Water in the sand
AT BHUJPUR, 32 km from the coastal town of Mandvi in Kutch, the Nagmati river is only a bone-dry riverbed with a small, out of place check-dam. But buried in the sand lie the village's life- support systems - a dyke and 4 tubewells that quietly recharge the underground aquifer. Over 200 such innovative rainwater harvesters have been constructed in Gujarat's and Kutch district, under technical guidance from Vivekanand Research and Training Institute (VRTI), an NGo headquartered in Mandvi (Down To Earth, Vol 2, No 8).
Kutch: the tourism department's incessant, hyped image- making has ingrained in our minds an image of colourful men and women in ethnic attire. In reality, straggly bushes struggle to survive here and dust creeps in everywhere. An erratic, idiosyncratic rainfall pattern has turned India's 2nd-largest district into a virtual desert: you can expect anything between 3 mm of rain in a whole year, or a deluge of 450 mm in a single day. Kutch's 97 rivers are ephemeral - brimming today, gone tomorrow. The only source of fresh water lies underground. Over the years, as the demand for it has grown, withdrawal has far exceeded recharge.
The consequences have been disastrous. Closer to the coastline, sea water ingressed rapidly into the aquifers. With no water, many villagers just fled. Elsewhere, desperate farm- ers sank borewells more than 150 m deep in a futile search for water.
In 1989, following discussions with farmers in Rayan vil- lage, 25 km from Mandvi, the VRTI staff, along with the people, decided to venture into rainwater harvesting. Eighteen check- dams were built on the Rukmavati river, and its numerous tributaries.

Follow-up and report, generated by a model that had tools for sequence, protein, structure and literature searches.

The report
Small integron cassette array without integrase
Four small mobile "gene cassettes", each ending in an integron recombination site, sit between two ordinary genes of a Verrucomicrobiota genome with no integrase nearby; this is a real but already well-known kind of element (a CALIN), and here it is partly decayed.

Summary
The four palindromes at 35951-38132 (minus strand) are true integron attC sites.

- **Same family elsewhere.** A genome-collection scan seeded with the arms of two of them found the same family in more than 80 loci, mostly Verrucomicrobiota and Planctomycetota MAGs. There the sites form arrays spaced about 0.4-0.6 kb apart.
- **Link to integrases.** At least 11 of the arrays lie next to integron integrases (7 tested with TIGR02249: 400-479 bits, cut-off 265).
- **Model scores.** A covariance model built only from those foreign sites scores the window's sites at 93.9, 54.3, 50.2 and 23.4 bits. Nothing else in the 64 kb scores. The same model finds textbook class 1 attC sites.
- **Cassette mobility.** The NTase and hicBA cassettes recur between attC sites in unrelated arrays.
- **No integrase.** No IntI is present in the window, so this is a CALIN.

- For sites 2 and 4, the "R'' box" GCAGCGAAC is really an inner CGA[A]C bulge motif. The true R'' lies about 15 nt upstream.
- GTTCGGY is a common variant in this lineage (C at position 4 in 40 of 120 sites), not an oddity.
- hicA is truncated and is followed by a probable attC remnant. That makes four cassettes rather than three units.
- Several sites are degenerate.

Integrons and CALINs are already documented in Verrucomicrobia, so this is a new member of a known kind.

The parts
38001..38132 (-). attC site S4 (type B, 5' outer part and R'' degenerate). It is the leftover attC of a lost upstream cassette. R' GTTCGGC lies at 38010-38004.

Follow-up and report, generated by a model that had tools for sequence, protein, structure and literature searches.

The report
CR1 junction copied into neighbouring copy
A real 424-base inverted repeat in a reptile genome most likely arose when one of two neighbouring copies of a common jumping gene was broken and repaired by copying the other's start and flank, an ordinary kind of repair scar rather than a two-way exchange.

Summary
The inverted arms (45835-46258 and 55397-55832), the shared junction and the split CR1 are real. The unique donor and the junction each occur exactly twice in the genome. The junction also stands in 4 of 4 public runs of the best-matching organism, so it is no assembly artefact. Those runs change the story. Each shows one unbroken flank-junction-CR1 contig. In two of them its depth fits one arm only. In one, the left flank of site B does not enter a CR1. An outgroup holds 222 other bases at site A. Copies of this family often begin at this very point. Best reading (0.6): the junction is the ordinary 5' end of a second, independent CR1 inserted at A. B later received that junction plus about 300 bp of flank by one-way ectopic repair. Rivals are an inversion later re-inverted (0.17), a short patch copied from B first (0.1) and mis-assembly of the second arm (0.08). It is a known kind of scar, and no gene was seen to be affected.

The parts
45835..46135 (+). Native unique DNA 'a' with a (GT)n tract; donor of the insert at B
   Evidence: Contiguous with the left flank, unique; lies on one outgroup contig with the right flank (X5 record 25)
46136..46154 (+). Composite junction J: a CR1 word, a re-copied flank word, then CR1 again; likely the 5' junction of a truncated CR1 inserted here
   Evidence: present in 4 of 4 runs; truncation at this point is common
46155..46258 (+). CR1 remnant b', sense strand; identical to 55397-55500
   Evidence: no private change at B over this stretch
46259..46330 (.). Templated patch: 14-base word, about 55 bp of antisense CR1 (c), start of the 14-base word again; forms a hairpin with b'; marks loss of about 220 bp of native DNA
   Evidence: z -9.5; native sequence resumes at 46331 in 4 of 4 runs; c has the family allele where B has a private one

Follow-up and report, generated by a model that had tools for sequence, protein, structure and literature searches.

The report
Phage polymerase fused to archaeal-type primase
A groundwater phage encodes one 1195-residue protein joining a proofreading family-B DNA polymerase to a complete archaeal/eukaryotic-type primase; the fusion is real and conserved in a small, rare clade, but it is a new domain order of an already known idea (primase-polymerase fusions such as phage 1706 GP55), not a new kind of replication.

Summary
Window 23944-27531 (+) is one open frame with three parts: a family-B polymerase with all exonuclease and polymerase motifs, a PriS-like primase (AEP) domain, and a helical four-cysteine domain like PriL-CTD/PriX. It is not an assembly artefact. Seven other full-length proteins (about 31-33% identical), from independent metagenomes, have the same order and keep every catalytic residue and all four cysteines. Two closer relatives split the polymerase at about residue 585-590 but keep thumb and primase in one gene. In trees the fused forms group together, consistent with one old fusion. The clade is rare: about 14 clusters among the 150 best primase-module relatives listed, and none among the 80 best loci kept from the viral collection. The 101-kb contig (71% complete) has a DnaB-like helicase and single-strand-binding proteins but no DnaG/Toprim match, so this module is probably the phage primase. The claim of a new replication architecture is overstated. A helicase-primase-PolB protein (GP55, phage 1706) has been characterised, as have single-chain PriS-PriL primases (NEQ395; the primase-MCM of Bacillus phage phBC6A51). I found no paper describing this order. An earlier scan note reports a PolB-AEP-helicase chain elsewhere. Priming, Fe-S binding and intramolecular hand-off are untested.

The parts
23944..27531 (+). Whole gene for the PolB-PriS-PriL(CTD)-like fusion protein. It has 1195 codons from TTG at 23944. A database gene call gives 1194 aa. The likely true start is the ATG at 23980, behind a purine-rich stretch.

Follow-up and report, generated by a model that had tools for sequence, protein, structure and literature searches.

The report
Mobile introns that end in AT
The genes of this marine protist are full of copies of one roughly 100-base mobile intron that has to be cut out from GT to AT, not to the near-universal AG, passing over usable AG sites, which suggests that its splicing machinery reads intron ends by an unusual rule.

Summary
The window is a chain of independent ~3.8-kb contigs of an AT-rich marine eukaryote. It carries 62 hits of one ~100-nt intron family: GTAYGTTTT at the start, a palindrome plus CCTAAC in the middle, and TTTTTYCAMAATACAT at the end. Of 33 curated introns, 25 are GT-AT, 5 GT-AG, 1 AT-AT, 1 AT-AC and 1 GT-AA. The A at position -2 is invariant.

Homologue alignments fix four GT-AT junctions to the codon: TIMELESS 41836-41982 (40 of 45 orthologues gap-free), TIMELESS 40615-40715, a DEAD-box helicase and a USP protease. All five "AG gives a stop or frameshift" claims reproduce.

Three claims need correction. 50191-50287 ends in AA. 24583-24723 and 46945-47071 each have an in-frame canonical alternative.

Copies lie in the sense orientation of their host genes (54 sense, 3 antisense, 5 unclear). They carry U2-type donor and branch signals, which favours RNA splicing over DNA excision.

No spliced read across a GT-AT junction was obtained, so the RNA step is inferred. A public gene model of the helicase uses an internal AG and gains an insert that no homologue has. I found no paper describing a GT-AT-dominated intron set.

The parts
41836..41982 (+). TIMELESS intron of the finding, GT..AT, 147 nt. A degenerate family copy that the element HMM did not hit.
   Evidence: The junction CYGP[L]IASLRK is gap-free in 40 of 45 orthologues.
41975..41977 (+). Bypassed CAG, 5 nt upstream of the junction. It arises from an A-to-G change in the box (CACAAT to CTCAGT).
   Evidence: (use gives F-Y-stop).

Dramatic turnaround The impounded water increased percolation through the soil and boosted aquifer recharge. Says Jayanti Patel, a farmer in nearby Don village, "Because of Rayan's dams, even our wells now have water." In addition, water which ran waste into the sea became available for lift irrigation. At Ratadiya, Manjib,hai Prem Patel, a farmer who owns 2.34 ha of land near a village with 4 dams, installed a pump 3 yea Irs ago to i water. He now exuberates, "Earlier, if it did not rain, I'd lose everything. Now,I'm sure of 2 crops annually."
But mere check-dams were n6t enough. Explains K C B Raju, technical director, VRTI, "Once a check-dam is full, water from the next rain will run waste. The percolation rate had to be increased to maximise harvestini"
The "recharging tubewell" tRT Well) was the VRTI'S ingenious answer. It is a slotted Pvc pipe 20 cm in diameter, directly feeding the aquifer with surface 'water. Floodwater sediments are filtered out by a 6m x 6m x 6m filter bed of gravel, sand and pebble. An additional barrier of coir rope wound around the pipe ensures that only clean water enters the aquifer.